Prevention is the best medicine

I was in the process of writing a post about the number of people who have commented on my non-wearing of a cycle helmet, and why this was, and how it was hard to fully express the reasons why in a manner short enough to satisfy the questioner, but I’ve come across a post that sets out pretty much what I was going to say anyway, so you might as well read that:

The problem with helmets is they only protect you once you’re actually in the process of having an accident. I’ve been quite deliberate in a number of ways in avoiding the accident in the first place by:

  • Fitting good lights to my bicycle, and having two rear light in case one fails
  • Making sure the lights and reflectors are positioned properly so a car can see them from a long way away
  • Fitting a bell so pedestrians aren’t caught by surprise
  • Regularly checking that my bike is in a roadworthy condition
  • Riding routes that carry a lower risk, even if it means I have to ride further
  • Riding defensively, only very rarely committing myself to a situation I have no escape from
  • Not that I chose it deliberately, but an upright riding position gives an excellent vantage point to easily look a full 360 degrees around you.

True, I don’t wear high-visibility clothing, but hopefully I have a reasonably high-visibility bicycle as a result of lights, reflectors and my larger sit-up-and-beg silhouette. When drivers see me I don’t want them to see a cyclist, I want them to see a person who happens to be travelling by bicycle. As such I’m consciously wearing normal everyday clothes to make me look as human as possible, and I can tell that many drivers do respond well to this.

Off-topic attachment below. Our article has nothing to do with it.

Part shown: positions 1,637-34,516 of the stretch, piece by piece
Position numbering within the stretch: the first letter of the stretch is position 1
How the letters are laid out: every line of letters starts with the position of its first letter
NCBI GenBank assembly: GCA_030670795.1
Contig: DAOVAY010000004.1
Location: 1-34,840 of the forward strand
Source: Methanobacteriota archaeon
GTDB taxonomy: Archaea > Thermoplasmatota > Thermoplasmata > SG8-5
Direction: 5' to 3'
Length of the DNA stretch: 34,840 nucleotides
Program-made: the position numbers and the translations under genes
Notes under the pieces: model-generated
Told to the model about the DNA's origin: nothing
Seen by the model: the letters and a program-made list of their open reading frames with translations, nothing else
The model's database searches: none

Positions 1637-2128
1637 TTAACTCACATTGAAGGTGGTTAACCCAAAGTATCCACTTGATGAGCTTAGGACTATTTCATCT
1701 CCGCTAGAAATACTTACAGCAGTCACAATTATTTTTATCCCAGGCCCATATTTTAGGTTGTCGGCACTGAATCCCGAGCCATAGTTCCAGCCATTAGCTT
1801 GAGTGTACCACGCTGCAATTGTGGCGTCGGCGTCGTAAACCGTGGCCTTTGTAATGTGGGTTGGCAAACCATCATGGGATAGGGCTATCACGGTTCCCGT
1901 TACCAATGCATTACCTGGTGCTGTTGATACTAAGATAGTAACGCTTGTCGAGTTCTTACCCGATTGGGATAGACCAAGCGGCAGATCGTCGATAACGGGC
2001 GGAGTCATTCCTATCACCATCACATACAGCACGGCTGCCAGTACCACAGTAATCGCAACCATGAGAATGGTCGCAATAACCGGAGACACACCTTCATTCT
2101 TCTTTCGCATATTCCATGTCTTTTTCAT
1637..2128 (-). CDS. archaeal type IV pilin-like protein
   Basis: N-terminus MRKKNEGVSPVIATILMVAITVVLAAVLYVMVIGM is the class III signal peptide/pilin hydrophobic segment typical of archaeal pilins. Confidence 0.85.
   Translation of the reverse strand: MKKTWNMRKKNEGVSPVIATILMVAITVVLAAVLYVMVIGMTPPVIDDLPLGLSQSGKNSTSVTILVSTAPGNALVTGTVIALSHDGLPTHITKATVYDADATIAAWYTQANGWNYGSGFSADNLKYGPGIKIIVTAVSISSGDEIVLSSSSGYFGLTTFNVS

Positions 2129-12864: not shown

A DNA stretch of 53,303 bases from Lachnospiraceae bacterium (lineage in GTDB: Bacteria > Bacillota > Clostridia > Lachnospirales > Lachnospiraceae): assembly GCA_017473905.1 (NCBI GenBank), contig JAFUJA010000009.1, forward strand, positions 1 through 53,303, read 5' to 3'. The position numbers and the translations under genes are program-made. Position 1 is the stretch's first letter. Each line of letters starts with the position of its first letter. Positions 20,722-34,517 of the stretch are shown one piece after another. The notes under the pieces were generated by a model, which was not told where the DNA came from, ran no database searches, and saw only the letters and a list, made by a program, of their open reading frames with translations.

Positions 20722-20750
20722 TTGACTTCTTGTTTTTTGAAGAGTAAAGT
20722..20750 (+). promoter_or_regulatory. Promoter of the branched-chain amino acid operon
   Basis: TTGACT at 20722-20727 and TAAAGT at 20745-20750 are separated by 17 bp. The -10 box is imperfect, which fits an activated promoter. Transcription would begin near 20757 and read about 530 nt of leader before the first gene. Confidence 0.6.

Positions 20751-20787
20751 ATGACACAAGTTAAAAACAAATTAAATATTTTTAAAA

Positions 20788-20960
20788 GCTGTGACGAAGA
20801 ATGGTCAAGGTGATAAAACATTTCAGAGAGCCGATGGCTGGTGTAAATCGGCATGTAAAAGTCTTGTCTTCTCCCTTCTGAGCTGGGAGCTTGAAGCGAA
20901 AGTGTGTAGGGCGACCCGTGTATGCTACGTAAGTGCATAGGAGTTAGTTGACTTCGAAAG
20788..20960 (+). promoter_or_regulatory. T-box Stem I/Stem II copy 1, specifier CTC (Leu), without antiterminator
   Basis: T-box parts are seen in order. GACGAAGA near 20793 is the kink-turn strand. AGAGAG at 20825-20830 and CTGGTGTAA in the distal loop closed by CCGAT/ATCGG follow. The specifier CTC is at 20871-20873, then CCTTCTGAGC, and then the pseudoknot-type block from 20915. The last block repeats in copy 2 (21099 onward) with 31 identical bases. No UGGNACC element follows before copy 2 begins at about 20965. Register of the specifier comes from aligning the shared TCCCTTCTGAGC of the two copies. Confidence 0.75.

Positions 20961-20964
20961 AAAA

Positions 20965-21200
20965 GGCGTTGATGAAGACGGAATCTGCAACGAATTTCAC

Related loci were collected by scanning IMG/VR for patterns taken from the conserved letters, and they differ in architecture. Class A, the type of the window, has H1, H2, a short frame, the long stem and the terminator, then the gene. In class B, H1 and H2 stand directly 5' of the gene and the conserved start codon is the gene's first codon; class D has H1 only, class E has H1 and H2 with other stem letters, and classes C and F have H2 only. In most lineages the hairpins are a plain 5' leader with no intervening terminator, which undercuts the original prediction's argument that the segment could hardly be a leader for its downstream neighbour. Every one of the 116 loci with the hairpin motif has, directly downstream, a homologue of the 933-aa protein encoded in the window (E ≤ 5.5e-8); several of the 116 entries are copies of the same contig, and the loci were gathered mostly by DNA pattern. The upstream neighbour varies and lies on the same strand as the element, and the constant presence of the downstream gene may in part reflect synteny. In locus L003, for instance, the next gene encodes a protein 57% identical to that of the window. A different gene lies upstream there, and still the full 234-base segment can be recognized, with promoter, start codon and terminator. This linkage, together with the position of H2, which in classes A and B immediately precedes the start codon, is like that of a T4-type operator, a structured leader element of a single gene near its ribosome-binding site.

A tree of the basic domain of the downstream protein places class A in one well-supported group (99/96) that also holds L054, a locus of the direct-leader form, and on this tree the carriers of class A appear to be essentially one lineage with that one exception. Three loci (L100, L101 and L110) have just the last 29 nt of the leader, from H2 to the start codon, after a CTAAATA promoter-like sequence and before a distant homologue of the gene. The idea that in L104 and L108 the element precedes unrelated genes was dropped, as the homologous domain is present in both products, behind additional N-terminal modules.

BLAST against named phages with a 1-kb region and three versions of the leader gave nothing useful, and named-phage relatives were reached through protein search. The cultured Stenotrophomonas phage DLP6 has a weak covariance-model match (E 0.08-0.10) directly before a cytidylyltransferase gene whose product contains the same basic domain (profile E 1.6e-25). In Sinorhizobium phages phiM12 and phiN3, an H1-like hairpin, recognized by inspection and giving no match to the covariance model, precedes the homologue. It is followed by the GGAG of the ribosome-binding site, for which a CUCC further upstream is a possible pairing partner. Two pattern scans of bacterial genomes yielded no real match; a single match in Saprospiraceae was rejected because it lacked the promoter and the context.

I’ve driven for nearly fifteen years and the situations I’ve had where I’ve had a near-miss with a cyclist have almost always involved my not seeing the cyclist because they’ve made literally no attempt to be seen. The worst is when you’re on a lane at night and all of a sudden you see a cyclist appear as if out of nowhere, with no lights nor even reflectors!!! Likewise there’s many bicycles that come past me when I’m walking with no bell fitted, and I just think “why must these people make it so hard for themselves for the sake of £20?!” Bell, lights, reflectors. Simple.

I know damn well that if I was in the habit of wearing a helmet, I would also be in the habit of not riding my bicycle. It has been estimated by one study I looked at that the chance that a lack of a helmet will shorten my life is roughly 40 times less than the chance that riding my bike regularly will extend it. Even accounting for loss aversion, leaving my helmet behind still makes sense to me. After all, cycling is safer than walking.

Edit: Just to be clear, I’m not advocating that people shouldn’t wear a helmet, just that firstly they should be encouraged to ride without one if they wouldn’t ride with one, and that there’s a number of things a cyclist can do with their bicycle to drastically reduce the chances of having an accident that provide more immediate benefit than wearing a helmet.


2 thoughts on “Prevention is the best medicine

  1. While I disagree completely, I respect your right to ride how you see fit. Talk to a Sheriff or Paramedic. See if that changes your mind.

    One of my best cycling friends tried to see what happens if you use your melon to stop your bike instead of the brakes. Had he not been wearing a helmet, we’d either have attended his funeral or his wife would be changing his diaper on a regular basis. I’ll stick with the melon protector… If it’s all the same.


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